Lender China Evergrande Minsheng Bank Cuts Developer Loans Amid Leverage And Default Concerns



Largest Bank Lender China Evergrande Reduces Its Risks most indebted developer to reassure their own investors, this is a sign that local lenders have begun to increase their protection against default risk.

China Minsheng Banking Group, a major commercial lender, said its Evergrande debt has been reduced since last September following a developer credit check, according to the Shanghai Stock Exchange investor relations platform late Wednesday. “The risk is maintained within a controlled range.”

The bank’s explanation reflects a major concern among investors and lenders do business with tycoon Hui Ka-yan, China ranks 10th richest Forbes, whose flagship company has for decades raised concerns about its highly leveraged strategy despite annual sales of industry-leading homes.

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Investors also pulled back, selling the stock 27 percent this year, dropping its market value by as much as HK $ 85.7 billion (US $ 11 billion) over the period. Worries have also infected its most actively traded dollar bonds, which have fallen from 85 cents on the dollar to 69 cents in the past month alone.

Hui Ka-yan, Chairman of China Evergrande. alt = Hui Ka-yan, Chairman of China Evergrande.

China Evergrande, which borrowed 670 billion yuan ($ 104.1 billion) at the end of 2020, has become a lightning rod for criticism and a focus of regulatory crackdown to contain systemic risk to the mainland’s financial industry. Last August, China’s central bank and the Housing Ministry introduced the so-called “three red lines” to curb excessive corporate pressure on developers.

Several major lenders have reportedly advised their affiliates not to write out new unsecured loans from Evergrande as the developer is facing bouts of liquidity shortages. Market regulators have also ordered bank lenders to stress test their capital and liquidity reserves in the event of a crisis on Evergrande.

Evergrande has previously reacted to these assumptions, calling such reports extremely inaccurate.

Could Evergrande, which owed $ 104.1 billion at the end of last year, collapse like the HNA Group?

The company said Thursday that it had agreed to pay HK $ 13.6 billion on its offshore bonds due Monday and “has no additional domestic or foreign government bonds until March 2022.”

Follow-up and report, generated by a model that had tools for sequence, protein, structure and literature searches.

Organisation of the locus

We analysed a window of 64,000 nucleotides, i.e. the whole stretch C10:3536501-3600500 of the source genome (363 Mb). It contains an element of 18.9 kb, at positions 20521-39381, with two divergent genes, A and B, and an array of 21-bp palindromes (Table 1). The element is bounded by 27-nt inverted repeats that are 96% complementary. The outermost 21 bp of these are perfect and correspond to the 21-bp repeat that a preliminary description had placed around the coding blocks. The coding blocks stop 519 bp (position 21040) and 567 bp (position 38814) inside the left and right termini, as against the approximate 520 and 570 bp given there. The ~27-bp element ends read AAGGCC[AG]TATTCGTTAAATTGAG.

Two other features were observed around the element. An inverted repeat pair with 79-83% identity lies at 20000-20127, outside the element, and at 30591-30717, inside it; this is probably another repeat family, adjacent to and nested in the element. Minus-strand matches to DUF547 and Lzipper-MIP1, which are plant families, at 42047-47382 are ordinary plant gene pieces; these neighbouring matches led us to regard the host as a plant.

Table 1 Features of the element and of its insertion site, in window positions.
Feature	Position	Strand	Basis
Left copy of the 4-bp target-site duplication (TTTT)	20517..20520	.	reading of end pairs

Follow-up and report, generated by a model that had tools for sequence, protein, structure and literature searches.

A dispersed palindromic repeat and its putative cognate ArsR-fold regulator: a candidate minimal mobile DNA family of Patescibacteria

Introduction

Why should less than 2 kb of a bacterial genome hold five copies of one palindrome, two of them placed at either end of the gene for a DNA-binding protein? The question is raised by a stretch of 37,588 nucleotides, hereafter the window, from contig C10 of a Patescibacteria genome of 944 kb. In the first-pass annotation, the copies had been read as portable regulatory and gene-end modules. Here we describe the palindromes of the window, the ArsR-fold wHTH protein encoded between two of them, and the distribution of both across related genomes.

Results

China Minsheng’s comments came a day after Fitch Ratings downgraded the developer to B with a negative outlook, citing continued pressure to cut and lower its debt burden.

“We believe the company’s debt reduction plan is achievable, but it is subject to significant execution risk and could also negatively impact the company’s business profile in the medium term,” Fitch said in a statement. The negative outlook reflects Evergrande’s limited access to debt capital markets and a strong reliance on fiduciary loans. ”

The property developer may continue to struggle with negative headlines. Reports that banks are rejecting Commercial Acceptance Bills (CABs) or so-called short-term IOUs issued by Evergrande to their suppliers have gone viral on Chinese social media.

IN post office previously spoke with contractor Evergrande, which is saddled with RMB 1 million unpaid CABs issued in June and another RMB 5 million due in July. A contractor based in Nantong in southwestern Jiangsu province declined to give his name due to the sensitive nature of the issue.

China’s hard “three red lines” are said to restrict access to credit for Evergrande. It was the only one of the top 10 Chinese developers to break all three leverage ratios and was therefore barred from building up new debt.

Minsheng said Wednesday that Evergrande has so far paid its loans and interest in full on time, and its main collateral is assets that can be easily monetized, including land, real estate and projects under construction.

“We will continue to closely monitor Evergrande and its subsidiaries and their financial position,” the bank said. “If we notice any potential risk, we will actively take risk management measures.”

This article originally appeared in South China Morning Mail (SCMP), the most authoritative voice reporting on China and Asia in over a century. To learn more about SCMP, see SCMP application or visit SCMP Facebook as well as Twitter pages. Copyright © 2021 South China Morning Post Publishers Ltd. All rights reserved.

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